A significant part of the land was part of the Caliphate for approximately five and a half centuries, following the Umayyad Caliphate conquest of the Iberian Peninsula in 711 until 1249 with the conquest of Algarve by King Afonso III of Portugal during the Reconquista.

After beating the Visigoths in only a few months, the Umayyad Caliphate started expanding rapidly in the peninsula. Beginning in 711, the land that is now Portugal became part of the vast Umayyad Caliphate's empire of Damascus that stretched from the Indus river in India up to the South of France until its collapse in 750, a year in which the west of the empire gained its independence under Abd-ar-Rahman I with the creation of the Emirate of Córdoba. After almost two centuries, the Emirate turned into the Caliphate of Córdoba in 929 until its dissolution a century later in 1031 to no less than 23 small kingdoms, called Taifas.

The governors of the taifas proclaimed themselves each Emir of his province and established diplomatic relations with the Christian Kingdoms of the north. Most of Portugal fell into the hands of the Taifa of Badajoz of the Aftasid Dynasty, and after a short spell of an ephemera taifa of Lisbon in 1022, fell within the dominion of the Taifa of Seville of the Abbadids poets. The Taifa period ended with the conquest of the Almoravids that came from Morocco in 1086 with a decisive victory in the Battle of Sagrajas followed one century later by the Almohads also coming from Marrakesh in 1147 after the second period of Taifa.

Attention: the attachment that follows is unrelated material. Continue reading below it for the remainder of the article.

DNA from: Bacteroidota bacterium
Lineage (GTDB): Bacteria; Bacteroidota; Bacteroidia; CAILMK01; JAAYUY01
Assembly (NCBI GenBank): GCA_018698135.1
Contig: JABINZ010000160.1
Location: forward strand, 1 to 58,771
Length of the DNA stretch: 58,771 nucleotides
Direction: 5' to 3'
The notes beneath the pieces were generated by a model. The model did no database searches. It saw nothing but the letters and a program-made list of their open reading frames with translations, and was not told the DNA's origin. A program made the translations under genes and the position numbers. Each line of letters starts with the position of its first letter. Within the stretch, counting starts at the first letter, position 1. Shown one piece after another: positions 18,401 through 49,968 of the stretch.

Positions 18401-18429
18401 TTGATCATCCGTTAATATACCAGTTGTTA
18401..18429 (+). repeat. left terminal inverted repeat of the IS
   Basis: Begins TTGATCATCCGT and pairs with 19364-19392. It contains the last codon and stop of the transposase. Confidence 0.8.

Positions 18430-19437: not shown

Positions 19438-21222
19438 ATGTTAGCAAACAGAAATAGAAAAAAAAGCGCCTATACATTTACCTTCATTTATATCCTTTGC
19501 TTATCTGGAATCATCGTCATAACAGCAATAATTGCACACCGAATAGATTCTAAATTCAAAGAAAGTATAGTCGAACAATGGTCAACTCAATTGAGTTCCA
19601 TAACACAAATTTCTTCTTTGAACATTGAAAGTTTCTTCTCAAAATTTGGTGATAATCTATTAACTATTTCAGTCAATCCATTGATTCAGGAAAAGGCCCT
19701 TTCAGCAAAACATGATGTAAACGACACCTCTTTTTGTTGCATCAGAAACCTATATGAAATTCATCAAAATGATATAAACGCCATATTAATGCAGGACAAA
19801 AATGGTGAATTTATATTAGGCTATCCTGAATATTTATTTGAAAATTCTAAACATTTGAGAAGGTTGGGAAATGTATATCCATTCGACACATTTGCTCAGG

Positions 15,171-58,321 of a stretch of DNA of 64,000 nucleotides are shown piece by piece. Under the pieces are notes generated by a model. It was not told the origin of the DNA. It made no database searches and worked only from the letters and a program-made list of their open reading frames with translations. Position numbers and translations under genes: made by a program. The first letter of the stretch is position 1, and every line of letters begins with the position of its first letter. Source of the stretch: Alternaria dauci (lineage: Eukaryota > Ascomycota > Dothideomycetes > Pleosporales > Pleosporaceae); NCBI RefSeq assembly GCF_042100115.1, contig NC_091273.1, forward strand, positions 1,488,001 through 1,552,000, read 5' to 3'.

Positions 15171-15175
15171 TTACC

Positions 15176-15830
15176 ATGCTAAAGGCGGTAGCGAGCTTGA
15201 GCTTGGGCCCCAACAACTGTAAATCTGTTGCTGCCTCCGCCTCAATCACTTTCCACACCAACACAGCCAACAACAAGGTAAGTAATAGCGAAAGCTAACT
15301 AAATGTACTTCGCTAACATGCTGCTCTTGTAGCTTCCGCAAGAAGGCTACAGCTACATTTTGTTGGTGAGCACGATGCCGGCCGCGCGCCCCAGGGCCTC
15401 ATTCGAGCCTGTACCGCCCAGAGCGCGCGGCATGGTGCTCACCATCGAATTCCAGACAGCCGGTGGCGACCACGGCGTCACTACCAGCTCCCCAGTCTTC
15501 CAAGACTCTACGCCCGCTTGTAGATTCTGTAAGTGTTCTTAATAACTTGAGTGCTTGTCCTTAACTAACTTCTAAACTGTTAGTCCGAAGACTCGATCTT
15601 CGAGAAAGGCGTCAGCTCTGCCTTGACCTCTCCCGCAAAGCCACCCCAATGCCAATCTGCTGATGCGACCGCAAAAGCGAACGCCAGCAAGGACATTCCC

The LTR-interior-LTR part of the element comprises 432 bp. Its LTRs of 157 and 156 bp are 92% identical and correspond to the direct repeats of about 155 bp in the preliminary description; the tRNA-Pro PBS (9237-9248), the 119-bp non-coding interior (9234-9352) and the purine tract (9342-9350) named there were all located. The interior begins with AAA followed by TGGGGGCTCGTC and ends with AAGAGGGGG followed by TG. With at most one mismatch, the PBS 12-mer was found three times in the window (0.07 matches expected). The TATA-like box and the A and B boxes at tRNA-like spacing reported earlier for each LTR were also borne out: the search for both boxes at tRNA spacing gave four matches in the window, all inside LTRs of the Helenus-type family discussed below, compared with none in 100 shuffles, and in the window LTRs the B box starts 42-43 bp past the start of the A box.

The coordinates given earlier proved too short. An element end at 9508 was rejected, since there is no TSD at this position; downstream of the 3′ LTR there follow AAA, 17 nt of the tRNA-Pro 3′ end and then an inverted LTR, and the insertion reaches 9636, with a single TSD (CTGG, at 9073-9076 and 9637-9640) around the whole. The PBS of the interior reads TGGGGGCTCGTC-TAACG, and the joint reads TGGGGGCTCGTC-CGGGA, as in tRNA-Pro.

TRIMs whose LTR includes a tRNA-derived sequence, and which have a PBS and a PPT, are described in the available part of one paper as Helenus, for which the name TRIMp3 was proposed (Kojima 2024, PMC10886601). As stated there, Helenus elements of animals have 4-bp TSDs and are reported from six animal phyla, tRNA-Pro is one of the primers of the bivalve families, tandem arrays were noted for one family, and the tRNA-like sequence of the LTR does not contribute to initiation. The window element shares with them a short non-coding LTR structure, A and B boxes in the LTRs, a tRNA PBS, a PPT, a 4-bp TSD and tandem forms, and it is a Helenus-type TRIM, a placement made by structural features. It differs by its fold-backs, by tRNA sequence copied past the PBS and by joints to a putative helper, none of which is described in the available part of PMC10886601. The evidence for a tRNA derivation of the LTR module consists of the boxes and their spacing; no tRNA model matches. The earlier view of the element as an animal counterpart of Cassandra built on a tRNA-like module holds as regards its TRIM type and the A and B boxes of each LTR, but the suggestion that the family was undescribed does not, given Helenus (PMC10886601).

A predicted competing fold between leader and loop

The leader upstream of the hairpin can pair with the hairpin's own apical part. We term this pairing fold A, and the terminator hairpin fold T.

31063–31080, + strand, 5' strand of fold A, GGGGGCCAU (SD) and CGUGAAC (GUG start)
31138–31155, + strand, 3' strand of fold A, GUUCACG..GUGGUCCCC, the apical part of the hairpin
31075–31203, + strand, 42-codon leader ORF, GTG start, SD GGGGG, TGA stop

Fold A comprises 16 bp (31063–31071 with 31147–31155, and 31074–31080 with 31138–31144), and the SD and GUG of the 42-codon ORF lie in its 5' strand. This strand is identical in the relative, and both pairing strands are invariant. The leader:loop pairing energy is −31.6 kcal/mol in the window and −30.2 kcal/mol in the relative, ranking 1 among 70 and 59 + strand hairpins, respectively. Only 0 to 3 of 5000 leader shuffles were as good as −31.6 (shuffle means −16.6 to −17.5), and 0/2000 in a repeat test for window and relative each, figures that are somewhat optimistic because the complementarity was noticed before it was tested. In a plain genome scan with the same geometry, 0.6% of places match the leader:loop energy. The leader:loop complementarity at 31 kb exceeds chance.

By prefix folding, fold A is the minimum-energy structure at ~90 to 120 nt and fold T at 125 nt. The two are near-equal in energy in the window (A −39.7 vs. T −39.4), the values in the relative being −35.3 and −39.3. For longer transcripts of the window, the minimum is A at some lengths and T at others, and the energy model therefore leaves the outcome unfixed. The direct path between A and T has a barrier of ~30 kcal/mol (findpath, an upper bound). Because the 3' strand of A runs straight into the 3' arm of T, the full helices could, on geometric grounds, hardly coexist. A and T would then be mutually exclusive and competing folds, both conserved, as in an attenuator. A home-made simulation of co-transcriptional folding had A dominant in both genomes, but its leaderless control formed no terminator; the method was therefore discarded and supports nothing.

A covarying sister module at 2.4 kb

Al-Andalus was divided into different districts called Kura. Gharb Al-Andalus at its largest was constituted of ten kuras, each with a distinct capital and governor. The main cities of the period were Beja, Silves, Alcácer do Sal, Santarém, Lisboa and Coimbra.

The Muslim population of the region consisted mainly of Berbers, Arabs and native Iberian converts to Islam (the so-called Muwallad or Muladi). The Arabs were principally noblemen coming from Yemen, though they were only few in numbers they constituted the elite of the population. The Berbers were originally from the Atlas mountains and Rif mountains of North Africa and were essentially nomads. The Muslim population (or "Moors"), few in number, stayed largely in the Algarve region, and in general south of the Tejo.